And some say Afro-Latinos have as much or more in common with African Americans as their lighter-skinned countrymen. Many regularly face discrimination and battle racism, both in the United States and in their native countries. Such disparaging terms as negrito (little black one), pelo malo (bad hair), or worse are commonplace for this group that often wields little political and economic power in their homelands. Poverty as well as poor educational and employment opportunities are high on the list of concerns to both African Americans and Afro-Latinos. However, the beginnings of a civil rights movement for blacks throughout Central and South America has come about fairly recently and Afro-Latinos are beginning to make some progress.

"In essence, white Latinos discriminate against black Latinos just like [white Americans] may do here," says Harry C. Alford, president and CEO of the National Black Chamber of Commerce. In order to effect change, Alford believes, "The 40 million blacks in this country need to start communicating better with the 135 million blacks in the Caribbean and South America."

The good news is, this group is beginning to come together to build a sense of pride in their African heritage by forming organizations and teaching others that Latinos crone in all shades. "Blacks have already walked twice the miles we have walked," says Grace Williams, an Afro-Latino who is president of the Atlanta chapter of the National Society of Hispanic MBAs (NSHMBA). "We're starting to walk right now."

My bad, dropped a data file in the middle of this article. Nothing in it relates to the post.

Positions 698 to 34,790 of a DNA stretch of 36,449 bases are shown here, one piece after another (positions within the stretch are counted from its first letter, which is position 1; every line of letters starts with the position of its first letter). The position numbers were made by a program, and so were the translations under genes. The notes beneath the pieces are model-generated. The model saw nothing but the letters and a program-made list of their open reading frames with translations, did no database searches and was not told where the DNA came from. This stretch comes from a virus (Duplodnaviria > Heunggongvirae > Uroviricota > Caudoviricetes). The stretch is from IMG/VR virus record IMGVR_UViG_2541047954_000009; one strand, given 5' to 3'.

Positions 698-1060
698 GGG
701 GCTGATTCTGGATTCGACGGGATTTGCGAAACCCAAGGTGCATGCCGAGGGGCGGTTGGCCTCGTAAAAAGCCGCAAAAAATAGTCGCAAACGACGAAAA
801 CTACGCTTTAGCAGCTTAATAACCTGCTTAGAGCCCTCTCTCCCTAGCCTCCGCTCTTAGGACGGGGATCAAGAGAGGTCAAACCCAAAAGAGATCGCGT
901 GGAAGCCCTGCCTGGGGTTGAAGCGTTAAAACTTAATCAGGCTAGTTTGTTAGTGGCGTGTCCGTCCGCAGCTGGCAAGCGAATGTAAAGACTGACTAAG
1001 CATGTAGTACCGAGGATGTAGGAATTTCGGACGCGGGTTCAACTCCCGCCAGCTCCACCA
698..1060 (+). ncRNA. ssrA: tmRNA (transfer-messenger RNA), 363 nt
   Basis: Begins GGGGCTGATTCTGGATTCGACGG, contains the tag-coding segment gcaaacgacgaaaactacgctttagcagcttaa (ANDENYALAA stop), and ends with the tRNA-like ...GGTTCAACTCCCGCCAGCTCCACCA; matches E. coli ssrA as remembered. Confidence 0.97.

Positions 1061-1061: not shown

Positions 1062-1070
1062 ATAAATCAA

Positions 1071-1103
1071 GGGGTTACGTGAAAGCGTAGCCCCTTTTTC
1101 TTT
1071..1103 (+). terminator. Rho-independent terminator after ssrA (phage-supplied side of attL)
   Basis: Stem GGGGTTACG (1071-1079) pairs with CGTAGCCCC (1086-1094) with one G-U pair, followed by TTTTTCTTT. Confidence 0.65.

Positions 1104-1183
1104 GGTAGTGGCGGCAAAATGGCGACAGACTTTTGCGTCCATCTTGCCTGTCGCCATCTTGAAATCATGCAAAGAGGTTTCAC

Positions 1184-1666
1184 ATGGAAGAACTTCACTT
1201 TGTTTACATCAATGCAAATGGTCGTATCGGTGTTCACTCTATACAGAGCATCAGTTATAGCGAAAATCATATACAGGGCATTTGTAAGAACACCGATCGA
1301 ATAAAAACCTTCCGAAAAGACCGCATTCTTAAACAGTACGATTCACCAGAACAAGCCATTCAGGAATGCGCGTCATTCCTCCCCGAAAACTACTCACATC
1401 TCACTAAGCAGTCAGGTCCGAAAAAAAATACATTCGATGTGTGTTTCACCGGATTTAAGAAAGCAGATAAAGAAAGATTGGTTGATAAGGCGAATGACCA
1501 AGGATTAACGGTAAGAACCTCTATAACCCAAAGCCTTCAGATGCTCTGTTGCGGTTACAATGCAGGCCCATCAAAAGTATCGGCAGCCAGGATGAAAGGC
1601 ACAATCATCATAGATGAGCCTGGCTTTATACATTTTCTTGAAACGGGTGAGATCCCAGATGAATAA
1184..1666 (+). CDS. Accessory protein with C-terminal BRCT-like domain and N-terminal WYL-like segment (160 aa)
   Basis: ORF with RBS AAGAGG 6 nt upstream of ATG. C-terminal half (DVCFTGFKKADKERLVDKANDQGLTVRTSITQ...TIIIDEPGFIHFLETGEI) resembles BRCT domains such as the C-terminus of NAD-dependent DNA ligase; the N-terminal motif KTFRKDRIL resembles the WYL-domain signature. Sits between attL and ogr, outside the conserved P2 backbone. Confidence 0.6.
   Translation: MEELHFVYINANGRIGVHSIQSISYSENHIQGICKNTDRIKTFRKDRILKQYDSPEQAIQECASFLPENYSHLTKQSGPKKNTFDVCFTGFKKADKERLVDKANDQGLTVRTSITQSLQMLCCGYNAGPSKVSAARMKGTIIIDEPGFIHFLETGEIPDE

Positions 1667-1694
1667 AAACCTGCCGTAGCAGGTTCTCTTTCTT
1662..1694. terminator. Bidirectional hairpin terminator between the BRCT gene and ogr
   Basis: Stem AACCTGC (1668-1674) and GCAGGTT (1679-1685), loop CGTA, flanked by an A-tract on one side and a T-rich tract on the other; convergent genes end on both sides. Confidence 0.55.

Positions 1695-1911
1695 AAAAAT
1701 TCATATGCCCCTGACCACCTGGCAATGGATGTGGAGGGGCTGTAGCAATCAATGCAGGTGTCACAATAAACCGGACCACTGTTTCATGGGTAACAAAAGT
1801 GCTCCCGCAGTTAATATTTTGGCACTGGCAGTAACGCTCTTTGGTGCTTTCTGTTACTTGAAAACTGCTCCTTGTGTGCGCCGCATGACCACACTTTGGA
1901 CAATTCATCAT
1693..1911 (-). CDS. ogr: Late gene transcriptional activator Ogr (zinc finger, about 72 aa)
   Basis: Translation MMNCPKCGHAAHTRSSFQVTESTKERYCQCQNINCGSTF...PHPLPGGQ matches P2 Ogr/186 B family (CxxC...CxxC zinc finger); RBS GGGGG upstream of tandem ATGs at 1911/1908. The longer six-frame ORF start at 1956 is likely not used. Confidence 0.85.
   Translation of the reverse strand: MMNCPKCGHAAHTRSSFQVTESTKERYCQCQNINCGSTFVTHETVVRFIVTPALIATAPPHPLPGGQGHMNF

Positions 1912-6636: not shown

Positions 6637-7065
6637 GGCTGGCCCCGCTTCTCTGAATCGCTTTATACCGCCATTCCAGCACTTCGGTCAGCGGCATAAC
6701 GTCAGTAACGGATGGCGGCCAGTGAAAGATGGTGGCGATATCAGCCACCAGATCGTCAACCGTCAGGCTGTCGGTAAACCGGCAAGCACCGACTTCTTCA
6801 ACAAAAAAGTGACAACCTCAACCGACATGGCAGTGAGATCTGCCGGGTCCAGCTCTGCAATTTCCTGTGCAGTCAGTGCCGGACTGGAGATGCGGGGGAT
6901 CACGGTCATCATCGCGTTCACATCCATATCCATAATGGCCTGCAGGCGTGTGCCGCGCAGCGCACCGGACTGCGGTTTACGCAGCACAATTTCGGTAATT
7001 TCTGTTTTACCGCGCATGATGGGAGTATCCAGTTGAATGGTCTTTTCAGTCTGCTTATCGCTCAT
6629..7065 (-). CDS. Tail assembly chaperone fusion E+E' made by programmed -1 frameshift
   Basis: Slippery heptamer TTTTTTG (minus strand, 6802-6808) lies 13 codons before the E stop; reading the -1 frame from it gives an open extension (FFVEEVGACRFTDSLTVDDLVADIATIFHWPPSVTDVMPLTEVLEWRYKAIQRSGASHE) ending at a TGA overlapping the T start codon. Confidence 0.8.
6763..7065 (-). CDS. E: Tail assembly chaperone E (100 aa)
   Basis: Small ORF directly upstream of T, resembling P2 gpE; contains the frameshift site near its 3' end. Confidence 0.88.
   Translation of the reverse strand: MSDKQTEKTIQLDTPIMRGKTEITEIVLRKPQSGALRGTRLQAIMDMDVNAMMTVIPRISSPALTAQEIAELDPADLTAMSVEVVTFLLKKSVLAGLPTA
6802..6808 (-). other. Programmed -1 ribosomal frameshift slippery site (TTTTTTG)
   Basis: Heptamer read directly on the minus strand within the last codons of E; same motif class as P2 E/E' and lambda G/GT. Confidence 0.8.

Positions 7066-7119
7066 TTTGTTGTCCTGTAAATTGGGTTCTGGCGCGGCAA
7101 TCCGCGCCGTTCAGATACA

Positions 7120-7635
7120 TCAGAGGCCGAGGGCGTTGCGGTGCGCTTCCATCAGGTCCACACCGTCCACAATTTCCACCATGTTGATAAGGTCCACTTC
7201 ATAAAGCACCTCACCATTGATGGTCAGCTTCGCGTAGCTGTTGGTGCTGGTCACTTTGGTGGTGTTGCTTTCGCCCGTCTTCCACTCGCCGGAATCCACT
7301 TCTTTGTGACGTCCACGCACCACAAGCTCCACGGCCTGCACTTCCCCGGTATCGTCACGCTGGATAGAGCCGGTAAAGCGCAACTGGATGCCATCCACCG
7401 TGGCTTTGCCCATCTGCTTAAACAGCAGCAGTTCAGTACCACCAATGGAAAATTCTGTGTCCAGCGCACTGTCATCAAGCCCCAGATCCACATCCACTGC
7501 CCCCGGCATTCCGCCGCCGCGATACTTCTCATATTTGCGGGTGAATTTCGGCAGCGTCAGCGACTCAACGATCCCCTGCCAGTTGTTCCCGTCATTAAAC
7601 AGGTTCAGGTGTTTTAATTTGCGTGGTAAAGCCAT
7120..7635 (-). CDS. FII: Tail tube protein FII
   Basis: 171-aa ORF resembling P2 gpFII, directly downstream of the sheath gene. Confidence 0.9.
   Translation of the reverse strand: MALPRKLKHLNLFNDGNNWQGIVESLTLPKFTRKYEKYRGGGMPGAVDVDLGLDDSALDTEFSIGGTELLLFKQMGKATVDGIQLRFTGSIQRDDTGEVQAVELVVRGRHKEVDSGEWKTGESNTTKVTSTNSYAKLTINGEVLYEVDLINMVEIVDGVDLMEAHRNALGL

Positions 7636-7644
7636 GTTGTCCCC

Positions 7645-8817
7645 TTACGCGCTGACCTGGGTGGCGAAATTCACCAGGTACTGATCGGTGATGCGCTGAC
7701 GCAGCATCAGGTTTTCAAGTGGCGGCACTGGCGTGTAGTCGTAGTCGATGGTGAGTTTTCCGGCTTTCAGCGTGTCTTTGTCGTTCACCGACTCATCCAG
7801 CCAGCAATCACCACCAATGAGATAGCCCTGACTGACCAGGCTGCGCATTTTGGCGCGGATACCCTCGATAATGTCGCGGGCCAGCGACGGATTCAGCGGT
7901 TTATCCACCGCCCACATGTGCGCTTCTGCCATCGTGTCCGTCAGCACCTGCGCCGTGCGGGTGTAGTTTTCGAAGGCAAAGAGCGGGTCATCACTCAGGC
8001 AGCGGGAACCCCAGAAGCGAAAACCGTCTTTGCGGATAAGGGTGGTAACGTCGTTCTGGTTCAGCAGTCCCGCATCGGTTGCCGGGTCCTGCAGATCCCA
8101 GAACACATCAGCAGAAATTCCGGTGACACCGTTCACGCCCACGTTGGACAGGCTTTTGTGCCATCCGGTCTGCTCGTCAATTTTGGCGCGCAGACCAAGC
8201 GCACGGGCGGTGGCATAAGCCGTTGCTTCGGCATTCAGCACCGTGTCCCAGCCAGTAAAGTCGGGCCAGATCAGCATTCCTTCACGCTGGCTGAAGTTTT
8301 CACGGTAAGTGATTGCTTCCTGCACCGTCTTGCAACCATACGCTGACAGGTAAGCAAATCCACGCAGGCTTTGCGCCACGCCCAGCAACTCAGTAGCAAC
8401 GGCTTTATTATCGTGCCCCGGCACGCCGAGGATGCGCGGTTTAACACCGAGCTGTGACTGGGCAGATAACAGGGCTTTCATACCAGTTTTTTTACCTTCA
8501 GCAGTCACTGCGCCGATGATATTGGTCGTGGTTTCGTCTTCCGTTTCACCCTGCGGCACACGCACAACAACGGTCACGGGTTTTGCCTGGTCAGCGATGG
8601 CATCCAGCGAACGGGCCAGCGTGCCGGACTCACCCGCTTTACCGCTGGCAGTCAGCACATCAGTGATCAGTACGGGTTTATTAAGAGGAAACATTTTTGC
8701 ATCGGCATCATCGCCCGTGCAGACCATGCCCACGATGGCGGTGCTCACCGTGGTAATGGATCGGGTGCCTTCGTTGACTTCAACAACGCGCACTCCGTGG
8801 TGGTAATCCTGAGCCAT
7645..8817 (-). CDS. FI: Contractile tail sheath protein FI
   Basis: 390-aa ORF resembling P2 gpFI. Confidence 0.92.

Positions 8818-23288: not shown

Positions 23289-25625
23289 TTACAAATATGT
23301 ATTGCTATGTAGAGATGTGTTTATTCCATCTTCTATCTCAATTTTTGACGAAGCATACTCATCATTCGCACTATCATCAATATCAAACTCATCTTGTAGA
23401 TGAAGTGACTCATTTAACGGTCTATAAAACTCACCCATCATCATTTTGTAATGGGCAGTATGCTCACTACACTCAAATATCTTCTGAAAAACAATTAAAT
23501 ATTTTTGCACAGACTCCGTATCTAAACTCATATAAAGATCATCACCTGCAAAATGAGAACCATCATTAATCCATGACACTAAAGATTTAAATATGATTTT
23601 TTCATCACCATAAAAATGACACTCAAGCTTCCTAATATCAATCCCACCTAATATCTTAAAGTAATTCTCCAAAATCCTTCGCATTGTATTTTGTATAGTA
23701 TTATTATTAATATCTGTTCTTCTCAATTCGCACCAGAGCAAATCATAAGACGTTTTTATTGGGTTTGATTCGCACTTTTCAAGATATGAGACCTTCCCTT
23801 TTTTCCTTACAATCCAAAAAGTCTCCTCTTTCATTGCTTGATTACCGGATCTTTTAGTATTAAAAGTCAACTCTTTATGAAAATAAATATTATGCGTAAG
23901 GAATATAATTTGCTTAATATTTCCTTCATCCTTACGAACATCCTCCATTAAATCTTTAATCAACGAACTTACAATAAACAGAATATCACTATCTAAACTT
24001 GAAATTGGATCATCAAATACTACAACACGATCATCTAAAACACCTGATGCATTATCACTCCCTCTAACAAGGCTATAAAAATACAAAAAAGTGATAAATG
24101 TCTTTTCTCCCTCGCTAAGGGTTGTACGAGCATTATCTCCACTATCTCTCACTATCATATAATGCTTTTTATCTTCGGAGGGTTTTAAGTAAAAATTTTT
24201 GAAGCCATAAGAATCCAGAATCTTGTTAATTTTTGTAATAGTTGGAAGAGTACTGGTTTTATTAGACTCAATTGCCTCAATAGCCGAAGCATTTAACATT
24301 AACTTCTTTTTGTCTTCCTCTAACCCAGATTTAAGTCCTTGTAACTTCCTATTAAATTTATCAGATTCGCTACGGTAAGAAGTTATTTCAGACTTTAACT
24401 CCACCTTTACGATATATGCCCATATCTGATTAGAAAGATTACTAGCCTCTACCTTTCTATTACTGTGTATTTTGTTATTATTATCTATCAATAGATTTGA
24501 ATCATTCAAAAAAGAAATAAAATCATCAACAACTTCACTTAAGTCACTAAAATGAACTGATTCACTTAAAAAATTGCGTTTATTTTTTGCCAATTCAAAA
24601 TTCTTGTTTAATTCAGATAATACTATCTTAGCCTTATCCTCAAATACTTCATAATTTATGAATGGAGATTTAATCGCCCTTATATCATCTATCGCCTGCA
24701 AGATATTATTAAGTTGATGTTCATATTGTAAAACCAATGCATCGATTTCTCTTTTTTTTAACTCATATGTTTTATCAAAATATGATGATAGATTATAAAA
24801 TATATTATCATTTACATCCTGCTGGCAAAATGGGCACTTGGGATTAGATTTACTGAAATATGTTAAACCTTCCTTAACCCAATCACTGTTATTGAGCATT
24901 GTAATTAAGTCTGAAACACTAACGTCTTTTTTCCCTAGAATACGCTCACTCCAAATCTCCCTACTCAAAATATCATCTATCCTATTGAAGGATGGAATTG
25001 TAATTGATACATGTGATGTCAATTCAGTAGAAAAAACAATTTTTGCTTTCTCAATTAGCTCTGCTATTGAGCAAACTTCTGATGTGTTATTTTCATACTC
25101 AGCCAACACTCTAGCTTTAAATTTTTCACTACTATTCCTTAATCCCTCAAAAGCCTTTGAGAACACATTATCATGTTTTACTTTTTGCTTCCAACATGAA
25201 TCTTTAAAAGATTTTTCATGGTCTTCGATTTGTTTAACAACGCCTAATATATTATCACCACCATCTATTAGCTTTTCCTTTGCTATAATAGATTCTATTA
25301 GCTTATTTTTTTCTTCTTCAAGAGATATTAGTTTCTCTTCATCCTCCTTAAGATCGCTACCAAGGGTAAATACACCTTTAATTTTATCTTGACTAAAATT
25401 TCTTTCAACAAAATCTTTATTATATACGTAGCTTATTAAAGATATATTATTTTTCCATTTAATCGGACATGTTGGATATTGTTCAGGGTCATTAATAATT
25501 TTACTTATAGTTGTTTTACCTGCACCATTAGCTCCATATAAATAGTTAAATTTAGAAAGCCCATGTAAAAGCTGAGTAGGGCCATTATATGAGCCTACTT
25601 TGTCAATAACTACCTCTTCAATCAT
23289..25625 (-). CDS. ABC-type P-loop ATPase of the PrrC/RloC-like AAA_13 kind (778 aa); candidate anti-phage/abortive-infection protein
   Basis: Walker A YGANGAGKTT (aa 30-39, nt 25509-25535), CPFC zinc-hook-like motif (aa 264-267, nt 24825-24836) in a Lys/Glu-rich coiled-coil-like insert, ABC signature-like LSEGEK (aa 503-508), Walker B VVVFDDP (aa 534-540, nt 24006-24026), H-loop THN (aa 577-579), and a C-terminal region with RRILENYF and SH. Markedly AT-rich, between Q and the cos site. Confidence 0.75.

Interestingly, efforts to increase awareness regarding Afro-Latino culture and plight can be found on the campuses of historically black colleges and universities (HBCUs). At Howard University, Nadine Bascombe heads Cimarrones, a 50-member black student union of Caribbean, Central, and South Americans that recently expanded to include a chapter at Benedict College in South Carolina. Before Afro-Latinos can even begin to link the black-Hispanic communities, more Afro-Latinos must embrace their African heritage. "Within the population of what are considered Afro-Latinos, not all people identify with being black, so they'll join the Latino organizations because it's more of an assimilation of being white," says Bascombe, a junior. "It seems that if you relate yourself to being black it's something negative, so with that problem existing within the Afro-Latino population, not too many people run towards having an organization with that name."

Another HBCU, Spelman College, recently hosted a series of lectures, performances, and a conference looking at the African Diaspora and its impact on the Americas. A visiting group of Afro-Latinos from the Spanish-speaking nations of South America discussed their similarities based on common African heritages. "It seems [to be] apparent that Afro-Latins of various sorts see [African Americans] as role models with respect to political participation and economic success," says Sheila S. Walker, a professor of anthropology, who organized the event. "Their consciousness raising and civil rights movements were inspired by their knowledge of ours."